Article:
Rose McGowan, who survived a Weinstein assault, suggested, “Please go easy on Lindsay Lohan. Being a child actor turned sex symbol twists the brain in ways you can’t comprehend.” This too, is both complicated and demonstrated by McGowan’s long history of homophobia and transphobia, and going full QAnon in the last few years.
Part of me wonders if Lohan’s experience as a child actor plays into her gravitation toward abusive, toxic, harmful male figures. We’ve been told again and again how bad things are for many child actors, including physical, emotional, and sexual abuse, labor violations, wage theft, drugging, the list goes on and on.
As far as I can tell from limited research, these red flags don’t crop up in Lohan’s story directly, though she has a complicated history with her family. Nor does every survivor wish to talk about what they’ve endured. It’s tempting to think the shape of what’s missing from a story – or what’s similar to so many other stories – can be evidence, but conjecture would be irresponsible and uninformed.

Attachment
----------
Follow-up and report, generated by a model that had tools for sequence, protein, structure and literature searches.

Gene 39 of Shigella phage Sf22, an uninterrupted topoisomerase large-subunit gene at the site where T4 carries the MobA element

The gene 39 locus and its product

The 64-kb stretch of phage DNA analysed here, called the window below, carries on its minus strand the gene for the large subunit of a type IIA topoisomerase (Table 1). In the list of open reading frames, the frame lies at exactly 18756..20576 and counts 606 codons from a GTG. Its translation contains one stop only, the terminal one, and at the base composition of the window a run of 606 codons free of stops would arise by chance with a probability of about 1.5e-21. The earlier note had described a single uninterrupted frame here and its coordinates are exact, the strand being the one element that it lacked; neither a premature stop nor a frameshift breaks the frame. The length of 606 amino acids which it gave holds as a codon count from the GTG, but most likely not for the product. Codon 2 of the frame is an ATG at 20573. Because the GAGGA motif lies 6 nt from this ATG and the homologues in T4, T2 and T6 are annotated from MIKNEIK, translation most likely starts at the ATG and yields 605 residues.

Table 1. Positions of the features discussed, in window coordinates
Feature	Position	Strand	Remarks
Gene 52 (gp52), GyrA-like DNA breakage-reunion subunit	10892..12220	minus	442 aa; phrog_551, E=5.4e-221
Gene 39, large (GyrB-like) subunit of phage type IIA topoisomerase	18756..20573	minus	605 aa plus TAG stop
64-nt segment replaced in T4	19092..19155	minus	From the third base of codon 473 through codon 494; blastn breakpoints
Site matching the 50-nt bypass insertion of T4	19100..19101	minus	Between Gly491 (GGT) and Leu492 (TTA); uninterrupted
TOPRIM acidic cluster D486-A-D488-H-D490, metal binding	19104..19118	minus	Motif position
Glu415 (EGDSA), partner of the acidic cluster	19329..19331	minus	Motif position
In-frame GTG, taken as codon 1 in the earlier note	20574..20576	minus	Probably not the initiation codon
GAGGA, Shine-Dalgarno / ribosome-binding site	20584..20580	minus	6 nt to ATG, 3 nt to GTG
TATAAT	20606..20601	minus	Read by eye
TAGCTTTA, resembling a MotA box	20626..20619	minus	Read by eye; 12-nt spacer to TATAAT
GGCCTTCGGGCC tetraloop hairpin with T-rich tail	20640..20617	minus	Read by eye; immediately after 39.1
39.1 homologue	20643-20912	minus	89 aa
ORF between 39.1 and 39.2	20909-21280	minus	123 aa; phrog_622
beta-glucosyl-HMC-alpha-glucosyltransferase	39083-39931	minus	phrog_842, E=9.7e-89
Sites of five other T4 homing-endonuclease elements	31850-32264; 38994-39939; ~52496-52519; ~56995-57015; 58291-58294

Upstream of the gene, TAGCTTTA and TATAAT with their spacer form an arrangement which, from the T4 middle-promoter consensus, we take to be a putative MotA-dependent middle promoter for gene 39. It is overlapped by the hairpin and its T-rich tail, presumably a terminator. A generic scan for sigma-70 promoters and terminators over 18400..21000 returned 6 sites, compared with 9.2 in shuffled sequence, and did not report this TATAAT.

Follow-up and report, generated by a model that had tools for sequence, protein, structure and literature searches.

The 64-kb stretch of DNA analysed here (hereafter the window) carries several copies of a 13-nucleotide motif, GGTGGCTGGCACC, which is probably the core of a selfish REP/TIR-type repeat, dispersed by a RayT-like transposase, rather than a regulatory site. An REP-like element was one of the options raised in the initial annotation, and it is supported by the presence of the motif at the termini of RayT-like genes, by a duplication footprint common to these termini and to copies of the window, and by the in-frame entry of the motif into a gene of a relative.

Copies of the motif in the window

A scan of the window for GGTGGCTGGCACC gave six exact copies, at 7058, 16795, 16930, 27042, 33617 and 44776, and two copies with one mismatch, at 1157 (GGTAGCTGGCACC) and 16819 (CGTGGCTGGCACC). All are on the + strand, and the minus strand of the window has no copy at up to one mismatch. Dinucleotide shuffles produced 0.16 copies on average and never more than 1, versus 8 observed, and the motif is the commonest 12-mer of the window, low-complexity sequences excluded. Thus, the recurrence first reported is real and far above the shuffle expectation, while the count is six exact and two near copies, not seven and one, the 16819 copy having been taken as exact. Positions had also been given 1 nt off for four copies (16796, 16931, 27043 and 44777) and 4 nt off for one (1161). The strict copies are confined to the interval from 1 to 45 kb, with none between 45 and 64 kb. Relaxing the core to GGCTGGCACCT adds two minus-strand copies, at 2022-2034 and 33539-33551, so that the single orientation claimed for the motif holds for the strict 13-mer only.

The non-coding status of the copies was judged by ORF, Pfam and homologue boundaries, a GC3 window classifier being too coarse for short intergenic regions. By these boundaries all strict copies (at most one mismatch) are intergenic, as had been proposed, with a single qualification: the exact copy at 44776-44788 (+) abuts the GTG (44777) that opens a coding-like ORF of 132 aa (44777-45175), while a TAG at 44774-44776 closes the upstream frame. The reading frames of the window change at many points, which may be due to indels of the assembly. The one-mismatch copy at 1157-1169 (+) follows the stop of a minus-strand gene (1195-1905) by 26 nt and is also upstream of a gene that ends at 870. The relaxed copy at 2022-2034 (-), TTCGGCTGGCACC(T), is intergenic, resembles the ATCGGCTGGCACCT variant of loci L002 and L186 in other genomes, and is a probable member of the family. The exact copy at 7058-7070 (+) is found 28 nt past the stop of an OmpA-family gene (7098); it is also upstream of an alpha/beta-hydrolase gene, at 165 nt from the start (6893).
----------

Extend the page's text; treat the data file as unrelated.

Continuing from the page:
I didn’t watch “Falling for Christmas” because I thought it would be good. It held up its end of the bargain there. I watched it because I wanted to see if Lohan still flashed that talent that’s gone so unfulfilled, and I figured either way I’d get a review with some good jokes. The talent’s there in spades, showing through briefly despite the material and direction. The jokes are there – not in the film, but if you want to talk about an angry, vengeful Santa, absolutely. But think about it too long and something else is there, too – some shadow of who we become in the face of repeated cycles of abuse, of what’s lost – forget talent-wise, but in our humanness.
None of this is on the screen. This is exactly that movie you can start and not pay attention to, turn on in the background, glance at only once or twice and know precisely what’s happening. Look too long at the shadows it casts, though, and the shape of things change.